Norway media and military differ over Snowden NSA documents / News / The Foreigner

The Foreigner Norway media and military differ over Snowden NSA documents. New documents allegedly show the US’ National Security Agency (NSA) monitored over 33 million Norwegian calls in the span of 30 days, according to Dagbladet. Norway’s military disagrees this is correct. The information, which supposedly comes forth in the ‘Norway – Last 30 Days’ list, shows 33,186,042 calls’ metadata was monitored. Part of the ‘Boundless Information’ programme, it was compiled from 10 December 2012 to 08 January 2013, reports the paper about the Edward Snowden-linked documents they say they have.

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Norway media and military differ over Snowden NSA documents

Published on Tuesday, 19th November, 2013 at 11:47 under the news category, by Linn Schjerven and Michael Sandelson   .
Last Updated on 12th January 2015 at 20:08.

New documents allegedly show the US’ National Security Agency (NSA) monitored over 33 million Norwegian calls in the span of 30 days, according to Dagbladet. Norway’s military disagrees this is correct.



The information, which supposedly comes forth in the ‘Norway – Last 30 Days’ list, shows 33,186,042 calls’ metadata was monitored.

Part of the ‘Boundless Information’ programme, it was compiled from 10 December 2012 to 08 January 2013, reports the paper about the Edward Snowden-linked documents they say they have.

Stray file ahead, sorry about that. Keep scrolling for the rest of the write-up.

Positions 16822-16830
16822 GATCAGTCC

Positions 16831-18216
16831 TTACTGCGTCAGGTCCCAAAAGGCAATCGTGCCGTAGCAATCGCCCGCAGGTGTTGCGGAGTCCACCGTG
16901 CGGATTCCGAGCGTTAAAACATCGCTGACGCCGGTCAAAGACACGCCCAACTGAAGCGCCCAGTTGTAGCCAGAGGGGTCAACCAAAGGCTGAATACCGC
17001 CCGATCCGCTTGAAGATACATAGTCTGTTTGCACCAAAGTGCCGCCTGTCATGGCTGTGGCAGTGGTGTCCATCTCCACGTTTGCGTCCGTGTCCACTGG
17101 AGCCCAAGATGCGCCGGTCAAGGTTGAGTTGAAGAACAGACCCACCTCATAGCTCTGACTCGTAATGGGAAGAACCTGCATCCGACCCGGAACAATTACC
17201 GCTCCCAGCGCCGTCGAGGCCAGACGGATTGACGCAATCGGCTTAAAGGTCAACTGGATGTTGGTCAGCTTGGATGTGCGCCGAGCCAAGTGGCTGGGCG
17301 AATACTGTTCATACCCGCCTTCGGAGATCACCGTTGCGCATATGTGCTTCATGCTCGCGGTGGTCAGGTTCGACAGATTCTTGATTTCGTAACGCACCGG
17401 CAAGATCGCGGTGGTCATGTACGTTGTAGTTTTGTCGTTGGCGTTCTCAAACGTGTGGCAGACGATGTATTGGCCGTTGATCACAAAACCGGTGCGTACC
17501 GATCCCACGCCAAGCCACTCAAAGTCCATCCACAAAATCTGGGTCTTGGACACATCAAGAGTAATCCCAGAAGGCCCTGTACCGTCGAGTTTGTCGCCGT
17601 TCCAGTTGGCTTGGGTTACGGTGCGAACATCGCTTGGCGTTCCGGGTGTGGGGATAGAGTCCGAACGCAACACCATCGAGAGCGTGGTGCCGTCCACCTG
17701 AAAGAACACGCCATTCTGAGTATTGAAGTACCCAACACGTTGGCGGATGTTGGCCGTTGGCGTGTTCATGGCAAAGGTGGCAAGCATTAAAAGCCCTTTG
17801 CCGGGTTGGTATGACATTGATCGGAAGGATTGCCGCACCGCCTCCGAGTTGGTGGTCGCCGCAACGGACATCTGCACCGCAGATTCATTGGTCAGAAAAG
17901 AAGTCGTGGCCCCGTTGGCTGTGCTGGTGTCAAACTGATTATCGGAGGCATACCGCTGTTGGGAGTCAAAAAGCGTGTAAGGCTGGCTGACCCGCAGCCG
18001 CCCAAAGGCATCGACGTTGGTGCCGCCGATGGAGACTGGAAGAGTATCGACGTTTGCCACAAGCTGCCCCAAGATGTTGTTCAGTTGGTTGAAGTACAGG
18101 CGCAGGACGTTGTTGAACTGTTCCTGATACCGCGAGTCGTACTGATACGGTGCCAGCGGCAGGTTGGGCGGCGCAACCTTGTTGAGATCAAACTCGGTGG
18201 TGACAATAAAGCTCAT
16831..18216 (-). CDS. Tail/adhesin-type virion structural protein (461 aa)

Metadata gives the mobile subscriber’s IMEI code (serial number), number, location, the number dialed, and length of call.

Liberal Party (V) leader Trine Skei Grande responded to the latest in the Edward Snowden-originated surveillance scandal.

She stated that Conservative (H) Prime Minister Erna Solberg must demand a clarification and an apology from the US government.

“This is surveillance conducted on regular Norwegian citizens. We must ascertain this with the Americans,” she told  

Ms Grande also stated that the recent disclosure shows a need for Norway to review how they could protect themselves against further actions of this kind.

“I hope that this revelation means that we should start a new debate regarding the Data Retention Directive,” said Ms. Skei Grande.

The EU created the DRD in 2006 as a result of the terrorist attack against the USA in 2001.

Norway adopted the directive in 2011.

Trine Skei Grande and her Party are one of three who have vowed to continue fighting for its revocation. 

Head of Norwegian military intelligence Lieutenant-General Kjell Grandhagen tells NRK that Dagbladet’s information is incorrect. Dagbladet informs the state broadcaster they are double-checking facts. 

"The 33 million calls were obtained by us in connection with our international operations,” he says. “This charting is done to identify terrorism and support the military’s international operations.”

Last year, then Police Security Service (PST) director Janne Kristiansen resigned after revealing detail's of Norwegian intelligence operatives abroad.

America has agreed to fund maintaining Norway’s Globus II radar in Finnmark County’s Vardø going with some USD 50 million. Both the US Air Force (USAF) and the Norwegian army’s intelligence service operate the facility.

The military's Lt. Gen. Grandhagen has said the scope of Norway's electronic surveillance monitoring is expanding.




Published on Tuesday, 19th November, 2013 at 11:47 under the news category, by Linn Schjerven and Michael Sandelson   .
Last updated on 12th January 2015 at 20:08.

This post has the following tags: edwardsnowden, prism.


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